6 thoughts on “

  1. Hi Louie,
    Wow sounds like you’ve accomplished so much this year. Sometimes I wonder if on a strategic plan we shouldn’t have one year to simply fall deeper in love with our subject areas–as noted as bullet three on your post. It is maybe the most important area…and sadly sometimes it gets neglected in the river of ‘to do’s.’
    Something that forces me to make space for it and do research is putting together the Digital Bytes newsletter–and I wonder if you might want to think about a Chem Newsletter? If keen I can show you a few how-to’s.
    Thanks again for sharing,

    Liked by 1 person

    1. I think that would be a lovely idea. In a podcast I listened to recently, Dylan Wiliam spoke about how teacher subject knowledge doesn’t have as big an impact on student success as other factors. I’m sure this could be correct, but I am convinced that it might play a role in job satisfaction and therefore have an indirect impact on students.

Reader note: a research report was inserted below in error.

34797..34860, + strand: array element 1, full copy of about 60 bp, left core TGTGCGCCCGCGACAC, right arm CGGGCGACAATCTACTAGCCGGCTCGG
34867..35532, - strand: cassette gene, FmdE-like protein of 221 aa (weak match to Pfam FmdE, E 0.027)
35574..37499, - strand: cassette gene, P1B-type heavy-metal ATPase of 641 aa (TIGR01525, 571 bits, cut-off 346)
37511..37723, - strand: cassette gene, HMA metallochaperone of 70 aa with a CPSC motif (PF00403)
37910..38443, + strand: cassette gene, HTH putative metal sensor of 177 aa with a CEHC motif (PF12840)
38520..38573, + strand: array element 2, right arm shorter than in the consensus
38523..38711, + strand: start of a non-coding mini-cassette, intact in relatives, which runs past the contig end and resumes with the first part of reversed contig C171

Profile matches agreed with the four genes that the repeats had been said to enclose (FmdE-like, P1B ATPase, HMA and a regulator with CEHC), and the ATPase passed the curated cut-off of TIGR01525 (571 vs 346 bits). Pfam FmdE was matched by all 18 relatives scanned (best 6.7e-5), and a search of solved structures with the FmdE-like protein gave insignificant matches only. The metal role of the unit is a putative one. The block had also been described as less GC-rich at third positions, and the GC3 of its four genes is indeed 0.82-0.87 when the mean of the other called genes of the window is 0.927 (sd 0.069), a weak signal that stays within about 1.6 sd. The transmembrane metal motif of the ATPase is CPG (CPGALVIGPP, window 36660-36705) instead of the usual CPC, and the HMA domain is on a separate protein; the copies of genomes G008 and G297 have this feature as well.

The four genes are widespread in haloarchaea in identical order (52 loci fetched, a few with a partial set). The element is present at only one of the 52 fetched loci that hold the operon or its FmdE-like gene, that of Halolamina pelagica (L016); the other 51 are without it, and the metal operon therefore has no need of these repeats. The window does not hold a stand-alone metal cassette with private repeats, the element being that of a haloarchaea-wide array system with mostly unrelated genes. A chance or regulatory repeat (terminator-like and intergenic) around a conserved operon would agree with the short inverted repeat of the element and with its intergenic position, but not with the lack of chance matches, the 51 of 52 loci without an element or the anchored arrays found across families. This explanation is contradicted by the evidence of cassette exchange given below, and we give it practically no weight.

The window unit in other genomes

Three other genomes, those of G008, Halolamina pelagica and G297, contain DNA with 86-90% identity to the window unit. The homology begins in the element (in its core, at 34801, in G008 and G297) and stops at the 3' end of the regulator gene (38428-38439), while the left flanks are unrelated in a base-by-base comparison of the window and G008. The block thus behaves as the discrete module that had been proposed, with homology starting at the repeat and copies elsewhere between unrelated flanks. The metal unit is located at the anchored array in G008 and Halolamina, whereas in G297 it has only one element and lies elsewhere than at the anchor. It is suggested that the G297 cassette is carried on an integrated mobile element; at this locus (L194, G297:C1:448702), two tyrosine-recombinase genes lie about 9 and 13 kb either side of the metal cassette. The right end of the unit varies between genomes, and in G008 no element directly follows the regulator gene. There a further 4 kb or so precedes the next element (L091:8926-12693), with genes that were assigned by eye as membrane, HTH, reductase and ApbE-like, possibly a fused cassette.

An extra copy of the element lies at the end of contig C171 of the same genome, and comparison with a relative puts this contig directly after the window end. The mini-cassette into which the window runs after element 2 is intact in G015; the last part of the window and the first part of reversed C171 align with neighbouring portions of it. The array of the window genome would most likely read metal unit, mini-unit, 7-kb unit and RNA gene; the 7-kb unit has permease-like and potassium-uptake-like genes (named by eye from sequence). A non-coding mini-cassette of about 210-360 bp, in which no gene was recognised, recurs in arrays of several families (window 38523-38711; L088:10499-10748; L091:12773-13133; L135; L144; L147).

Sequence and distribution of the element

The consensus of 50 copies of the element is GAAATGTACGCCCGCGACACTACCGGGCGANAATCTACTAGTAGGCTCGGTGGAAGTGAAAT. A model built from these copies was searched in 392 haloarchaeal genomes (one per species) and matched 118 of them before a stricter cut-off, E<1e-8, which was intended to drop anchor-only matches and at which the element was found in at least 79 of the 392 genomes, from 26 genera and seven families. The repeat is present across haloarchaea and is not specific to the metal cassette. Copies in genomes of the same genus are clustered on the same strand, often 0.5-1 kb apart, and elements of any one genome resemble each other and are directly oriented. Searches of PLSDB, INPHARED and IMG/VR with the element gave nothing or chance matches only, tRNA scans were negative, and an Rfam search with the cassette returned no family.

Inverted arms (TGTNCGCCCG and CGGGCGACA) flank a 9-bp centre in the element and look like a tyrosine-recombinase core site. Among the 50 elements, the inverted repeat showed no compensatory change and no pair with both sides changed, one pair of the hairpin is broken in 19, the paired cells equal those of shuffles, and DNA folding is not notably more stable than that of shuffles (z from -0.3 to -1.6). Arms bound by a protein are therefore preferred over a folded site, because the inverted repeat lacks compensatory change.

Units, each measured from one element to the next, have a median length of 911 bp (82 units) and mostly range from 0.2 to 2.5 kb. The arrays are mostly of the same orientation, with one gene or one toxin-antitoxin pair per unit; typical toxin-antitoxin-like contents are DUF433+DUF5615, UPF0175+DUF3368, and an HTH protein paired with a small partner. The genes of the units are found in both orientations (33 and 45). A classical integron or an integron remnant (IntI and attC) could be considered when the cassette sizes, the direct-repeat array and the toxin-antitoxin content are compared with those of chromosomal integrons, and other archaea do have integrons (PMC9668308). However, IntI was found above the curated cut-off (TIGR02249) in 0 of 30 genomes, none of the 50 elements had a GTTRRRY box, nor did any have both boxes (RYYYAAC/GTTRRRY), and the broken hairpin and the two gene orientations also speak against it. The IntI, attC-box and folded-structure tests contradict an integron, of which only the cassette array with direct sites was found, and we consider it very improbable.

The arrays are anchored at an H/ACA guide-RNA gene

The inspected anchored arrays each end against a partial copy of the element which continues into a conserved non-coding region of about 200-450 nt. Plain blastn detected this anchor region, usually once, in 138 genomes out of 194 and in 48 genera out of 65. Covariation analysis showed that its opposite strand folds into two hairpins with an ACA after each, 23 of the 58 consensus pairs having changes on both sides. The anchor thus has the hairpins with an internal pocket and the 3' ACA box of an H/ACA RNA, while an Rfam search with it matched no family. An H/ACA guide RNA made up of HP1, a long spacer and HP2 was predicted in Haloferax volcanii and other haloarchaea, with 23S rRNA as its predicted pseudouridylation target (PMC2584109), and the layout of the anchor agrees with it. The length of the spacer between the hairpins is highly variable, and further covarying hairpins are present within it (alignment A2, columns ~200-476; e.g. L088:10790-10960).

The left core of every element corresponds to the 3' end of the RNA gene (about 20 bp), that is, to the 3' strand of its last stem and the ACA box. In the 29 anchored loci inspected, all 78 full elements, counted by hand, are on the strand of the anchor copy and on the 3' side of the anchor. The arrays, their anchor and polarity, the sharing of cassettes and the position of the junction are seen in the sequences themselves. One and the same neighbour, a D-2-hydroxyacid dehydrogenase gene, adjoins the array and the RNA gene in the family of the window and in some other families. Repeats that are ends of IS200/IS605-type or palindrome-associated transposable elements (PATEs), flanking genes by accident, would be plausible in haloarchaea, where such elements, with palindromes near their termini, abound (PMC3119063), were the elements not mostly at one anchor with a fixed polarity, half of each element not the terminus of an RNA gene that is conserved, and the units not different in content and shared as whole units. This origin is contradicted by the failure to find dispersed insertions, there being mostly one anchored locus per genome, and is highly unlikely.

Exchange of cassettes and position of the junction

I love the idea of a Chem Newsletter. For me, this might look something like curating and consolidating my thoughts and ideas of chemistry concepts and lesson activities that support concept based teaching and learning. Would love to pick your brains at some point about some ideas I have here!


  2. Thanks for sharing your reflection, Louie. The constant learning and constant growing are such significant factors. And then the point about safe spaces and trust- so true, so true.


    1. Hi Shruti! Thanks for taking the time to post! I’m glad that you agree. I’m constantly trying to improve on the trust aspect. Sometimes I get so caught up in teaching, planning and delivering content that I forget the human aspect of the job…need to focus on building those trusting relationships a lot more. That is the foundation. From that, innovation breeds.


  3. Enjoyed our conversations and developing thinking about the concepts and understanding in chemistry and education. Onwards and upwards to explore new stars and beyond.